Fungal genes expressed during infectious growth were identified

cDNA libraries were constructed with RNA from rice leaves infected with rice blast fungus. Thus, pathogen genes, as well as host plant genes expressed during their interaction, were contained in these libraries. Assigning the origin of ESTs can be complex. The G+C content was successfully used to identify oomycete genes from soybean genes infected with Phytophthora sojae [35]; however, this approach is not applicable for pathosystems involving ascomycete fungi. Sequence similarity to previously identified genes is widely used as a major criterion to distinguish their origin [7,11,17,19,20]. However, ESTs that did not show significant sequence similarity to database entries could not be annotated. This ranged from 30% to more than 40% of ESTs, depending on the organism. We could not identify the origin of 42.7% of ESTs in our previous study [7]. Li et al. [19] adapted codon usage pattern as a subsidiary tool to differentiate Sclerotinia sclerotiorum genes from Brassica napus genes. However, rice and M. oryzae genes do not show significant differences in their codon usage pattern when we analyzed full-length cDNA sequences (data not shown). In this study, we took advantage of genome sequences and many EST sequences of both organisms to distinguish the origin of the ESTs. With the BLASTX results against NCBI nr, BLASTN data against genomic and EST sequences of both organisms, 99% of uniESTs could be annotated for their origin (Additional file 1 Table S1). Among these, 712 uniESTs were identified as fungal genes, comprising 31% of the 2,302 uniESTs. 402 uniESTs (533 ESTs) were from the infected library, comprising 24% of the uniESTs (27% of total ESTs), and 310 uniESTs were added from the subtraction library.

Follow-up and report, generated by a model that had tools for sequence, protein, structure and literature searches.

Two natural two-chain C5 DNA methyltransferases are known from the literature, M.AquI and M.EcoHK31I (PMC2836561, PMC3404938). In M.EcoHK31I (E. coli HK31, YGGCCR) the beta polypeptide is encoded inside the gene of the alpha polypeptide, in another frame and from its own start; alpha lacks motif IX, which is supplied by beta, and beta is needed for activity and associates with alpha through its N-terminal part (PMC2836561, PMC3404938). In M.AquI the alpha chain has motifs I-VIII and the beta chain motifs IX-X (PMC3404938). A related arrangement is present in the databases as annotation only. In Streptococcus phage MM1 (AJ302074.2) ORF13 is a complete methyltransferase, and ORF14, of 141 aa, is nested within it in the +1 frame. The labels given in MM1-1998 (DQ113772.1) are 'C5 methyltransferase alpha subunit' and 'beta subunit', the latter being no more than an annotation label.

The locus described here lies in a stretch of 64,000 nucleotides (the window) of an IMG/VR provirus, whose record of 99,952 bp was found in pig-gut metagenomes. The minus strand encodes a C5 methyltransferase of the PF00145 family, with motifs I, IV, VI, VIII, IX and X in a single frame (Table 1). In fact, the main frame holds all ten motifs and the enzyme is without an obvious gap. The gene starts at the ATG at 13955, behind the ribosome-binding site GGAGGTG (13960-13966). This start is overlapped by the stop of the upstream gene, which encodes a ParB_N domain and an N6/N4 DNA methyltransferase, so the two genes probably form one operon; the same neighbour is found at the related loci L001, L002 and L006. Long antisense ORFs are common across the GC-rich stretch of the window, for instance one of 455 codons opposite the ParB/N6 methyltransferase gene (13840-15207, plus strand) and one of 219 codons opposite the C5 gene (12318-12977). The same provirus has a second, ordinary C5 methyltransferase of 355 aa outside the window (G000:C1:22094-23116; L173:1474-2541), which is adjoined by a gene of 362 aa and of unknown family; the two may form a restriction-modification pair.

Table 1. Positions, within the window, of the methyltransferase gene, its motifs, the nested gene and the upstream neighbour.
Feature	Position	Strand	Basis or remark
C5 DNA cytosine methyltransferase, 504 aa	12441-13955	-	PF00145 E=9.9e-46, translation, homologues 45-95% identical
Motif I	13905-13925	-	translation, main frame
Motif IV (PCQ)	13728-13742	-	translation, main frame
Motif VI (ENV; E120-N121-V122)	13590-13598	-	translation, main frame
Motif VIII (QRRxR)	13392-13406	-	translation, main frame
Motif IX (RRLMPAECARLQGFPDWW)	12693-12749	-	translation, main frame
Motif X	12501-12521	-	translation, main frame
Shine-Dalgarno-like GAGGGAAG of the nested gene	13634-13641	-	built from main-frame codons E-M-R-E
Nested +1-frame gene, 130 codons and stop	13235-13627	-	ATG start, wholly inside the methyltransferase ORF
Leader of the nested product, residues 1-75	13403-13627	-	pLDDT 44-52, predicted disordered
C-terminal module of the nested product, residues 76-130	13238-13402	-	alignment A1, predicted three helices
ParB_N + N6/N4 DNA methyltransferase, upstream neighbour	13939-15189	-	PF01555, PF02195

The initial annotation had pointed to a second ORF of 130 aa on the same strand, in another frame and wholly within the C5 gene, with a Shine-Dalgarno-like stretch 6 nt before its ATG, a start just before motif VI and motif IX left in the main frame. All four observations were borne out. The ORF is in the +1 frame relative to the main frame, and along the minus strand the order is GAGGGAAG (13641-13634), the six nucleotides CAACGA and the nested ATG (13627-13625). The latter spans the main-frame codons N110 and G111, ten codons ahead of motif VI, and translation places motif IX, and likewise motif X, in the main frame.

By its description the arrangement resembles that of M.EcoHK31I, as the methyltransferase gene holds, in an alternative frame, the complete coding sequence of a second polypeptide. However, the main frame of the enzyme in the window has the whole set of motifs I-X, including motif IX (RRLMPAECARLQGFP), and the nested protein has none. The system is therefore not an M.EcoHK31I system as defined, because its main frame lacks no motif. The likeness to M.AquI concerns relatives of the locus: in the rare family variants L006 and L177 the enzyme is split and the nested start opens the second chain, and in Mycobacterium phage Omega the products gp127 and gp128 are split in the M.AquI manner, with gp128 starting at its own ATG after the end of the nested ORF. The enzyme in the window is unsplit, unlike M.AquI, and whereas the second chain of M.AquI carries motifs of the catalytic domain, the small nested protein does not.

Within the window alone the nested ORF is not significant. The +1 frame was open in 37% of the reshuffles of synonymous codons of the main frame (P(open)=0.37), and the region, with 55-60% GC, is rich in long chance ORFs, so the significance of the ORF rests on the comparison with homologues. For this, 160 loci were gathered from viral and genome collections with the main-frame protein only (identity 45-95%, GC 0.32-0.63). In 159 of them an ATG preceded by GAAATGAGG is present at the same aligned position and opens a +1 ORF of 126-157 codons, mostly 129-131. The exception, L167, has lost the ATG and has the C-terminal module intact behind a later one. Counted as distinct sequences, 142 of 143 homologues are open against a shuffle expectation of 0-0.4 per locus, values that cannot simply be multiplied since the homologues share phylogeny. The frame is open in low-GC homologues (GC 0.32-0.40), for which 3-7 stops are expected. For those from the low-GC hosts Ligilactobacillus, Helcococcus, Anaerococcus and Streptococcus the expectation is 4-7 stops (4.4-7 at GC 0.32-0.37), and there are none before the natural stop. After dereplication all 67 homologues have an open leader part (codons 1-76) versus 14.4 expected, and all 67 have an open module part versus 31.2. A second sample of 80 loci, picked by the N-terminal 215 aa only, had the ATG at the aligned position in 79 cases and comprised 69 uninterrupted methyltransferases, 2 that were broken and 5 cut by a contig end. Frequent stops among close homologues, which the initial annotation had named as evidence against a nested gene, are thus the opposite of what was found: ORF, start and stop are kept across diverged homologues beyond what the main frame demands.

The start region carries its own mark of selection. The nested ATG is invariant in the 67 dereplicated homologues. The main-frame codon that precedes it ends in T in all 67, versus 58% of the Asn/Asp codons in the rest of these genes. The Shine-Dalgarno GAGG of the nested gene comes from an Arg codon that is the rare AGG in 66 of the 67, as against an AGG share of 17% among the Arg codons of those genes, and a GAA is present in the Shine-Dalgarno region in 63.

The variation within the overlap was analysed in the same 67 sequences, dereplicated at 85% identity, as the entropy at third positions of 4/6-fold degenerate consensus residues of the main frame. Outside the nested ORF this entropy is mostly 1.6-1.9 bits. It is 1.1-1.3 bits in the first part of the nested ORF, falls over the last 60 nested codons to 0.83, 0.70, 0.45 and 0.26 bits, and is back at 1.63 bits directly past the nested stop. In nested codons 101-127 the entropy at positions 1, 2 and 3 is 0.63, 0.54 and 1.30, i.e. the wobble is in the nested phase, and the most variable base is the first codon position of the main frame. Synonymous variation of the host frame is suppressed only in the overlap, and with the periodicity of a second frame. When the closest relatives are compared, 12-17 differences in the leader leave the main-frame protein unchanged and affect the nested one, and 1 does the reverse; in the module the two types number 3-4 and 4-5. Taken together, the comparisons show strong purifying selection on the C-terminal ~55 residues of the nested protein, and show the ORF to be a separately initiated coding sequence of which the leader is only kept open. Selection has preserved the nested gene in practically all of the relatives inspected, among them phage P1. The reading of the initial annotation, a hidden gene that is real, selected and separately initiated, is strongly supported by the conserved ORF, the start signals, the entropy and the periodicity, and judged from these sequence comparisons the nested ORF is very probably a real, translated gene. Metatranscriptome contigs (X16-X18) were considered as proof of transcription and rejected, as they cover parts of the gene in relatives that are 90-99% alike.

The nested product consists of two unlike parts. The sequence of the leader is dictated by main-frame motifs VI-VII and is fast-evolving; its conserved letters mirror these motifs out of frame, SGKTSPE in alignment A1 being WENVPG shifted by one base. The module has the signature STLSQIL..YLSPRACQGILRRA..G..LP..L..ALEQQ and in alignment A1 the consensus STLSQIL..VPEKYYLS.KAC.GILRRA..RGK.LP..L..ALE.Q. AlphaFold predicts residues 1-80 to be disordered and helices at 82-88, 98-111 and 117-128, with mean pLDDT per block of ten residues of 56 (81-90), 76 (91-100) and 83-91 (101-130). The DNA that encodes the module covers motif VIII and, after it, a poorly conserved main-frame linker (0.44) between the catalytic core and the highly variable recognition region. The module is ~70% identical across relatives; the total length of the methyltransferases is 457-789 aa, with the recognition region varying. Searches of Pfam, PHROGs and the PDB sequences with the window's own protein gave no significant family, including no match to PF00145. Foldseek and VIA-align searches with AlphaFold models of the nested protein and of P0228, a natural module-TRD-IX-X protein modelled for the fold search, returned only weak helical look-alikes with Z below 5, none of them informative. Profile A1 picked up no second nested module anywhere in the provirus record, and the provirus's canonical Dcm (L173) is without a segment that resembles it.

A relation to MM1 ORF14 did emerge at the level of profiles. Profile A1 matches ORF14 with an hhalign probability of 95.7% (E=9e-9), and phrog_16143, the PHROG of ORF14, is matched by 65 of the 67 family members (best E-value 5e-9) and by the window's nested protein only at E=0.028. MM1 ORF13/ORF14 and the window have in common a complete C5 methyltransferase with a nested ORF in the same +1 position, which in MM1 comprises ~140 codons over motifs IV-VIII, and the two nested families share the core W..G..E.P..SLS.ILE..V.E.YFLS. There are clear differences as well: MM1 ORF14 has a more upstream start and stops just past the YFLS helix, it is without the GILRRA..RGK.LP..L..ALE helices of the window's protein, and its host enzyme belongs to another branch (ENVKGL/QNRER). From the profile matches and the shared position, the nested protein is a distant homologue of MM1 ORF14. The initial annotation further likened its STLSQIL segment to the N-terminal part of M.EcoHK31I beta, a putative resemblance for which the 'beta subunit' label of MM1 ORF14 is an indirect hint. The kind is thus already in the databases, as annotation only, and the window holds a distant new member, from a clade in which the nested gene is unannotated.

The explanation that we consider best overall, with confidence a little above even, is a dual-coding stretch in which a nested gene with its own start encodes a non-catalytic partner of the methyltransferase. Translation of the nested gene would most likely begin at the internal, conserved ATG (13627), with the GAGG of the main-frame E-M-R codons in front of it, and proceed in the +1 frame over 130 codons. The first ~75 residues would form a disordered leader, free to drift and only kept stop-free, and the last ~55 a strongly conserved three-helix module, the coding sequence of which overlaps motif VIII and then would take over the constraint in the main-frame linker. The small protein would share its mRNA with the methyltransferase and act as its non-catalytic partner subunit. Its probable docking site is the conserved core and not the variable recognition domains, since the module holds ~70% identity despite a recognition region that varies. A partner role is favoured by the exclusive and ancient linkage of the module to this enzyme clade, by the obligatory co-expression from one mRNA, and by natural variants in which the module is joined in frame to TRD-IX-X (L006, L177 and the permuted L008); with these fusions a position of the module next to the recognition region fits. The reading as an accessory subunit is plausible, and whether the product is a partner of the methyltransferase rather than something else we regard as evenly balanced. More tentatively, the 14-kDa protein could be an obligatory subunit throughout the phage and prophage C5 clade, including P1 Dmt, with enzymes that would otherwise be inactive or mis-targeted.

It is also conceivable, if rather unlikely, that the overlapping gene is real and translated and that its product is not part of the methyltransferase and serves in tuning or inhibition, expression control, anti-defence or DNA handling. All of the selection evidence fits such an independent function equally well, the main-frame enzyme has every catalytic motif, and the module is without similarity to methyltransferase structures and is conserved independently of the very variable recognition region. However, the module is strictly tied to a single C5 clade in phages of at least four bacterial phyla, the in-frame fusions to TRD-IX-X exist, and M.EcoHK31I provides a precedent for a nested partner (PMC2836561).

A relatively high proportion of ESTs were of fungal origin. This result is consistent with our previous study [7], where about 24.6% of uniESTs were believed to be fungal genes. Interaction transcriptome [36] approaches have been used for understanding molecular mechanisms of defense and/or pathogenicity in a variety of pathosystems [7,11,17-20,37]. However, only a limited number (or proportion) of fungal genes were identified. This is primarily because previous authors used plant material at early stages of infection, or partially resistant host cultivars. Jantasuriyarat et al. [11] analyzed 68,920 ESTs from eight cDNA libraries including six constructed from rice leaves infected with rice blast fungus, and found only four fungal genes. They collected rice leaves at 6 and 24 h after blast fungus inoculation, which are the very early stages of infection when fungal conidia have just germinated or just started to penetrate into rice epidermal cells. Talbot et al. [29] estimated fungal biomass to be 10% at 72 h after inoculation, at which time lesions start to appear. Recovering a high portion of fungal genes in this study might be attributed to the leaf material from which total RNA was isolated. We collected diseased leaves at late stages of infection daily up to 10 days after inoculation, when the whole leaf blade was covered with expanding lesions and had started to wither. Thus, fungal genes found comprised 27% of uniESTs in the infection library; this result was not unexpected. These fungal genes will provide a good resource to understand fungal pathogenicity, especially at later stages of infection.